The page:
Reinikainen’s doctoral thesis shows some specific national and cultural features, which the parents and teachers, as well as the research and development of educational systems, should focus on in their attempts to improve the students’ science achievement.
Parents of Finnish students should be aware of the amount of time their children spend watching TV and monitor the programmes their children watch. The time Finnish students spend watching TV correlates negatively with their achievement in science. Watching news, nature programmes and documents, however, seems to have a positive effect on science achievement, Reinikainen explains.
In England, attention should be paid to test frequency. Students who were given tests almost continuously were found to score lower in science than those who were given tests rarely or not at all. The schools giving frequent quizzes and tests, and the nature of these exams, call for further study.
The Hungarian educational system could be improved by making the students do less pair and group work, as they were found to be connected to weak science achievement. Project work was found to have a similar effect.
Often only a few students in the group focus on the task at hand, while the others merely look on. The teachers could take a more active role in guiding group and project work, Reinikainen says.
In Japan, parents should pay attention to the ways their children spend their time. Japanese students do not normally have much spare time since school or school-related activities take a lion’s share of their time. In Japan, the time students spend with their friends has a negative effect on science achievement.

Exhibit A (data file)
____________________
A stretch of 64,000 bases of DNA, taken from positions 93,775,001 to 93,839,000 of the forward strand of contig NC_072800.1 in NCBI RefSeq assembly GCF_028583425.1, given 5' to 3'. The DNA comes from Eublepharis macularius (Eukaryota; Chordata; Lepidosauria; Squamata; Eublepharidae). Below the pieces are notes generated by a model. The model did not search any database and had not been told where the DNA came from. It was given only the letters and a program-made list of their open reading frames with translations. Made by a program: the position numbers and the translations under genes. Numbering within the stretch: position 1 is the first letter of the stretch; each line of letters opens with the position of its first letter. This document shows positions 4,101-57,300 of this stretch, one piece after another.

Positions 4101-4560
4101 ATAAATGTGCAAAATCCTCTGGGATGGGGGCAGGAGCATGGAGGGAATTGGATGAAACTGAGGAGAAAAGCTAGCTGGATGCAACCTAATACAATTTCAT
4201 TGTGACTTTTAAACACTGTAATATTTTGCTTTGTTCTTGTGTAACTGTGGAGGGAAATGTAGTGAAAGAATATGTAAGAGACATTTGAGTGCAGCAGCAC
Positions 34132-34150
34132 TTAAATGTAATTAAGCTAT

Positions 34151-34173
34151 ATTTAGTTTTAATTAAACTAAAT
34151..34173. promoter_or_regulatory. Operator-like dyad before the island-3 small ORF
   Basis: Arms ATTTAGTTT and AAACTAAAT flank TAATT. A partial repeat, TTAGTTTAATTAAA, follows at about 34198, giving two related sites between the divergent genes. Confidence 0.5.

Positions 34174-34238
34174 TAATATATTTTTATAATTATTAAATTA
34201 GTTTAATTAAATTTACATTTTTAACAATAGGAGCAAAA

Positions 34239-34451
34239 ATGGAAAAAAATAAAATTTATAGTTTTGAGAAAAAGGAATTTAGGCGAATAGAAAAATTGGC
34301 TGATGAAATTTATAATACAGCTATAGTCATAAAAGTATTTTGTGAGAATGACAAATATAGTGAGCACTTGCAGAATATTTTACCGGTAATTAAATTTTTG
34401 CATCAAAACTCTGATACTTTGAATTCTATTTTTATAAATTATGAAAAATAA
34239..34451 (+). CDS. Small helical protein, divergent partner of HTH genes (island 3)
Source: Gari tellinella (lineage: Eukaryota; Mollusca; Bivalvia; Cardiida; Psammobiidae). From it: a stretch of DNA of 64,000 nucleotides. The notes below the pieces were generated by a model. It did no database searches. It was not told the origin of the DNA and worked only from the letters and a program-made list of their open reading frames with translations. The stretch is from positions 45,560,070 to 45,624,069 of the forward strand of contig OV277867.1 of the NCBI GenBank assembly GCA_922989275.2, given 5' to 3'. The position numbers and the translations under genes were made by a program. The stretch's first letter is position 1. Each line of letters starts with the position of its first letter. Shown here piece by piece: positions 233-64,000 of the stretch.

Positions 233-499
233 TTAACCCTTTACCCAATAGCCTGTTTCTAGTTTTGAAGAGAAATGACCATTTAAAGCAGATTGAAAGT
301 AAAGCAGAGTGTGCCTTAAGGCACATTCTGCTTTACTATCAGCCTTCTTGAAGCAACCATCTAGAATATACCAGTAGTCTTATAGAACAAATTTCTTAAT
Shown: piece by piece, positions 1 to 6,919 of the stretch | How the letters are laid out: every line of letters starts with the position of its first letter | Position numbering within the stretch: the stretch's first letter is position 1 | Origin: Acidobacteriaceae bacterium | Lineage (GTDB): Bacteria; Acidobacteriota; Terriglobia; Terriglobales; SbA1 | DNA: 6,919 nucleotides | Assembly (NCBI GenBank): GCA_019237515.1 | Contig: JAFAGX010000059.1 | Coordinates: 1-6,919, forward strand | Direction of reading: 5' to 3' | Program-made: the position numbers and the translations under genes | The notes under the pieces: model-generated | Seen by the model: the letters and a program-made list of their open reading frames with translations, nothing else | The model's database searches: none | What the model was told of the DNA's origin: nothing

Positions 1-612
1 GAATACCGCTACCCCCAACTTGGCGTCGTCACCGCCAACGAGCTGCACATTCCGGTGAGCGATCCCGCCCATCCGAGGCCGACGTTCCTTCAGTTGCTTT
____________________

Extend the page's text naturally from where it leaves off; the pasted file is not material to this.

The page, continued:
In Latvia, student-centered approach in teaching predicts weaker science achievement and, in Russia, memorizing textbook material and relying on good luck turned out to be very weak learning strategies.
Ranking lists of comparative achievement studies misleading
There is currently a worldwide boom of large-scale international comparative student achievement studies. However, the major outcome of these studies (PISA, TIMSS, CIVICS, etc.) seems to be numerous ranking lists of separate educational contents.
These rankings are not necessarily linked with student learning outcomes in the studied countries, and can often be misleading if used in educational policy making. Huge databases are collected in these assessments but unfortunately the information is often not utilized to its full potential.
Reinikainen’s doctoral dissertation utilized one of these databases, TIMSS 1999, and explored it much deeper than merely to produce a ranking list. The goal of his study was to reveal significant predictors of student science achievement in Finland, England, Hungary, Japan, Latvia and Russia, and to explain the various cultural situations where those achievements have been made.
Source: “Sequential Explanatory Study of Factors Connected with Science Achievement in Six Countries: Finland, England, Hungary, Japan, Latvia and Russia. Study based on TIMSS 1999” has been published as nr. 22 in the series: Jyväskylä Institute for Educational Research. 263 pages. Jyväskylä 2007. ISSN 1455-447X, ISBN 978-951-39-2953-4 (print), ISBN 978-951-39-2954-1